It is important to understand the difference between different types of lease arrangements. Most commercial tenants will lease space under either a “gross” lease or a “net” lease situation.
Under a “gross lease”, the tenant pays a fixed rate of annual (or monthly) rent throughout the term of the lease. The landlord is responsible for paying the realty taxes for the property and all costs relating to insuring, maintaining and operating the project (these costs are included in the fixed rate of rent). For the tenant, the benefit of a gross lease is the absolute certainty as to how much total rent it will pay during the term regardless of any increase in realty taxes or operating costs.
A “net” lease is comprised of two rent components: (a) “Base Rent” – sometimes referred to as “Minimum Rent” – which is a specified dollar amount per square foot of the rentable area leased by the tenant (see below); and (b) Additional Rent which is generally the tenant’s proportionate share of realty taxes and operating costs payable by the landlord for the building, or complex which the leased premises are located. The definition of Operating Costs in the Lease should be carefully reviewed so that the Tenant understands, at least approximately, how much total rent it will pay. “Proportionate Share” is usually defined as a fraction where the numerator is the total square footage of the rentable area leased by the tenant and the denominator is the total square footage of rentable area of the complex. The intent of a net lease is that the “additional rent” component will reimburse the Landlord for all costs incurred by it in operating and maintaining the complex. Landlords tend to prefer net leases because they are able to recoup all costs associated with maintenance of the property from the tenant and also allocate all of the risks of any increases in such costs upon the tenant.
In addition to base rent and additional rent, some leases, especially in the retail and restaurant industries, will also allow landlords to charge “percentage rent” which is a percentage of the annual profits earned by the tenant from its operations from the leased premises.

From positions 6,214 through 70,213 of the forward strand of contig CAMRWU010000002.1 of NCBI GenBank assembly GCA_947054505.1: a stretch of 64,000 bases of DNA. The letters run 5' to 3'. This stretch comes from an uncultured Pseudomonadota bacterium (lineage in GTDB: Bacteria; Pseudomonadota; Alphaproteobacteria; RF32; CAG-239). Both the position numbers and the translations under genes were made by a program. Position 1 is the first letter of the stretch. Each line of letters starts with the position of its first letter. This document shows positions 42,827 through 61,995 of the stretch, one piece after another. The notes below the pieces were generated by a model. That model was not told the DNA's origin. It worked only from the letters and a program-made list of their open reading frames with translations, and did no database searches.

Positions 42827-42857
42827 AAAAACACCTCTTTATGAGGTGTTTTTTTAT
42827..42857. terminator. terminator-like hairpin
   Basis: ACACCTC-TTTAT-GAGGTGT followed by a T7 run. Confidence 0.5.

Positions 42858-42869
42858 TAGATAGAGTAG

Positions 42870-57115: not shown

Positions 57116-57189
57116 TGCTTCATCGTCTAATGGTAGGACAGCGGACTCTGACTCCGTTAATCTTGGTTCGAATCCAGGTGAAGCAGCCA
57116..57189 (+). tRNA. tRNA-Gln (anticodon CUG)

In a “net” lease situation, because the annual amount that the tenant pays as base rent is based on the square footage of the rentable area of its premises, the tenant should require the landlord to have the premises measured by a qualified architect in accordance with generally accepted measurement standards (The Building Owners and Managers Association Standard (1996) is the prevailing standard for measuring office premises at the date of writing) and to provide the tenant with a copy of the measurements prior to the commencement of the lease term. This will ensure that the tenant is only paying rent on the actual rentable area of the space that is leasing. In the event that a measurement is not available before the lease is signed, the tenant should insist that the landlord complete the measurement within a reasonable period of time thereafter and retroactively adjust the base rent payable by the tenant if the square footage is less than expected. If the tenant has negotiating strength, and the landlord cannot deliver the measurements before the lease is signed, the tenant may be able to insert a clause in the Lease capping the number of square feet on which it pays rent regardless of the actual rentable area of the premises, particularly if the actual rentable area ends up being significantly larger than what the tenant had expected and budgeted for when signing the lease.
For a discussion of additional items relating to commercial leasing from the tenant’s perspective, please click here.
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